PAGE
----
Office Hours: Th.,10-11

Magical Mushrooms and Mystical Molds

Dates Topics

A Few Words About Fungi
08/26/03 Introduction, Grades, etc.
08/28/03 The Rotten World About Us (BBC Video Tape)
09/02/03 Fungal Diversity
09/04/03 How Fungi Get Their Name and How They Are Classified
09/09/03 How Do Fungi Get Around?

Fungi as Pathogens
09/11/03 Introduction to Plan Pathology, Irish Potato
Famine, Downy Mildew of Grapes & Some
Diseases of Trees
09/16/03 Wheat, coffee and other rusts, and smuts
09/18/03 Field Trip: Plant Pathology Department
09/23/03 Fungi as Human Pathogens
09/25/03 Saprobic Activities of Fungi

09/30/03 Discovery of Mycotoxins and Common Examples
10/02/03 Mycotoxins in the Work Place & Homes
10/07/03 Mycotoxins: Ergot of Rye
10/09/03 Mycotoxins: The Story of LSD
10/14/03 First Exam

Fungi in Food and Beverages
10/16/03 Yeast and Fermentation, Alcoholic Beverages: Beer, Wine, Liquor, etc.
10/21/03 How to Make Beer (Video)
10/23/03 Fungi and their role in manufacturing of food
product: Bread, Cheese, Tofu, Tempe, Miso, etc.
10/28/03 No Lecture: Field Trip To Brewery and Winery
10/30/03 Wild Edible Mushrooms
11/04/03 Cultivation of Mushrooms and Other Fungi
11/06/03 Poisonous Mushrooms

Other Uses of Fungi
11/11/03 Mushrooms and Religion: Amanita muscaria
(The Fly Agaric)
11/13/03 Mushrooms and Religion: Conocybe,
Panaeolus, Psilocybe and Stropharia
11/18/03 The Story of Penicillin, Wonder Drug
11/20/03 Second Exam
11/25/03 The Aftermath of Penicillin
11/27/03 Holiday - Thanksgiving Day
12/02/03 Psychedelic Music & Art
12/04/03 Symbiotic Relationships: Fungi and Plants
(Mycorrhizae), and Algae (Lichens)
12/09/03 Fungi and Animals
12/11/03 (Last Day of Class) Fungi as Bioherbicides, Bioinsecticides and
12/18/03 (Thursday) Final Exam, 12:00 - 2:00

The all important grade

There will be two exams (25% each X 2 = 50%), mostly multiple choices, with a few short answers that are based mostly on my lectures and readings from the course web page. The final exam will not be cumulative, and will cover the lecture material starting from November 27. The value of the final exam will be the same (25%) as one of the semester exams. A term paper (25%) will be done on some topic of your choosing having to do with some aspect of fungi. The topic does not necessarily have to be a topic that we will be covering this semester. You can select any topic that you feel will be of interest. However, before starting your paper check with me to be certain that the topic will be appropriate. Please try to decide on a topic and discuss it with me as soon as possible. The paper should be between 8-12 pages and have a detailed bibliography.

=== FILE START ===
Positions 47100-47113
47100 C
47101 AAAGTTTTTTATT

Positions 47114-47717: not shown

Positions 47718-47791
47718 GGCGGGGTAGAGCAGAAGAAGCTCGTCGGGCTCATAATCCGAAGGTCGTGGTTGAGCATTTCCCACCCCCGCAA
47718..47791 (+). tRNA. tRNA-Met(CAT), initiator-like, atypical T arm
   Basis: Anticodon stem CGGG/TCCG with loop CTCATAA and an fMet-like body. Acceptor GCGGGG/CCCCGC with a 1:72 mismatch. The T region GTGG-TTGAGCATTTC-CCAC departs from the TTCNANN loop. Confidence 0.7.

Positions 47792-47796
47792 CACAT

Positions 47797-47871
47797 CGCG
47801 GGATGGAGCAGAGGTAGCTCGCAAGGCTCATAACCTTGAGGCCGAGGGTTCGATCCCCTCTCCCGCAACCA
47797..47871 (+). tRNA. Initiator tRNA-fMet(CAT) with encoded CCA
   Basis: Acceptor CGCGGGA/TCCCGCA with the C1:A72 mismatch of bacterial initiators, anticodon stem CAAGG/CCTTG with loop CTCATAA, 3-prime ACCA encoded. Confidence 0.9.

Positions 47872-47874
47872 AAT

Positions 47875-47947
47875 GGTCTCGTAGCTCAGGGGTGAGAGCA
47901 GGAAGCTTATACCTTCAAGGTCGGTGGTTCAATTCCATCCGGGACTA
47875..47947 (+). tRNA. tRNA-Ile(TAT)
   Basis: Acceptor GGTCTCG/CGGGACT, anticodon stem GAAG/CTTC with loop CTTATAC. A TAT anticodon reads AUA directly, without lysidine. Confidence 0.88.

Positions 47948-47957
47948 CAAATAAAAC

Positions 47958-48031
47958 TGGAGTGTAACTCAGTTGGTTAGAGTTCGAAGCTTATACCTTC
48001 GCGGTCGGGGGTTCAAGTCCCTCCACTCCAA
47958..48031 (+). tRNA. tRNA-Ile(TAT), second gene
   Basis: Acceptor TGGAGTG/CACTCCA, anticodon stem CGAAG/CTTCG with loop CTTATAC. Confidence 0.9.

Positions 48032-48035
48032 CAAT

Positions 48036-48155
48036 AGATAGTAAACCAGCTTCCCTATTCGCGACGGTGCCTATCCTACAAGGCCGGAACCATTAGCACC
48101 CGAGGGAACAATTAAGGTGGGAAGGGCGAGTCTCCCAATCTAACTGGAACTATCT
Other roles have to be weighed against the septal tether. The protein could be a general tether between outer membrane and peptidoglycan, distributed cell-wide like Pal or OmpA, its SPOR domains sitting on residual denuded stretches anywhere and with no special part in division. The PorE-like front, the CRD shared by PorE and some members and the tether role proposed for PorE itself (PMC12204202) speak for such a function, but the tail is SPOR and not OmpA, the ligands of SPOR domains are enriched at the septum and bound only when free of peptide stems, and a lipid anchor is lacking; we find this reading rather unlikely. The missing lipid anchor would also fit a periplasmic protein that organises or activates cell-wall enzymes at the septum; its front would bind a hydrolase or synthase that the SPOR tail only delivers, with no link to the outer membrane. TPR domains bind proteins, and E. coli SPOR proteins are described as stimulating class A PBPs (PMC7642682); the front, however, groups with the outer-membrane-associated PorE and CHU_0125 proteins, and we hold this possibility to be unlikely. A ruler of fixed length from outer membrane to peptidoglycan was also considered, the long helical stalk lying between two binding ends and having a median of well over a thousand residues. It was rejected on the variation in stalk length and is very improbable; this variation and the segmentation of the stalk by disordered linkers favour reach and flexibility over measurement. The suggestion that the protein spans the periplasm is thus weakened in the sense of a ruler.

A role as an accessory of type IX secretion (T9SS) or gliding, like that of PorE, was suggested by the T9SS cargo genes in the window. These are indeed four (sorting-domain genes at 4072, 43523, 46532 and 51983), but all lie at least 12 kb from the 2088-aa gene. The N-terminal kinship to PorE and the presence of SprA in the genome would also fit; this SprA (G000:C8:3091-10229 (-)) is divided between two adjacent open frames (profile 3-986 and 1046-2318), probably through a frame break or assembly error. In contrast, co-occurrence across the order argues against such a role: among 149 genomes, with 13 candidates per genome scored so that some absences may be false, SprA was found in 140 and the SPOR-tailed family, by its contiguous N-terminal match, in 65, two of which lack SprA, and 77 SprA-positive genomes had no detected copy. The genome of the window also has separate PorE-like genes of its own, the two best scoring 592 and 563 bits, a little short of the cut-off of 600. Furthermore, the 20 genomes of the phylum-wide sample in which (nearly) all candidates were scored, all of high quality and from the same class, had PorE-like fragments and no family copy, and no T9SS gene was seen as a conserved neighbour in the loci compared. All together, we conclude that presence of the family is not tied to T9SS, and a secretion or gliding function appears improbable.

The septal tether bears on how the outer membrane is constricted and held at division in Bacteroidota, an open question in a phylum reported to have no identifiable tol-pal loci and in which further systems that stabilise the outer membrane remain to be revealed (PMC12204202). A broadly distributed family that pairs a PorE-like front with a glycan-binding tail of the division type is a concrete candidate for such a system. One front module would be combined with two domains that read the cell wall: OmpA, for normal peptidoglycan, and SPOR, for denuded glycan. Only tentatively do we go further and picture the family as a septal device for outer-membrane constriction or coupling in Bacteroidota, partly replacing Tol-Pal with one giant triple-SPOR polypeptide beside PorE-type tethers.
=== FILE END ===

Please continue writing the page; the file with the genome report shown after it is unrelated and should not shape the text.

Extra Credit: The weekend field trips listed above are optional. Each field trip that you go on will be worth 2% of an exam (=2 points). Read a short story or novel in which fungi play an integral part to the plot and write a critical review. Credit will be dependent upon whether it is a short story or a novel.


Also, Mark Merlin at the U of H in Manoa also gives a class on Psychoactive Drug plants every other semester.


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Re: mycology [Re: mjshroomer]
    #3843765 - 02/27/05 10:40 PM (11 years, 7 months ago)

Thanks, MJ. I will look for this fellow's course. Sounds very interesting, I hope I can take it without being a certain major or having high bio/etc pre-req's!

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Mushrooms, Mycology and Psychedelics >> Advanced Mycology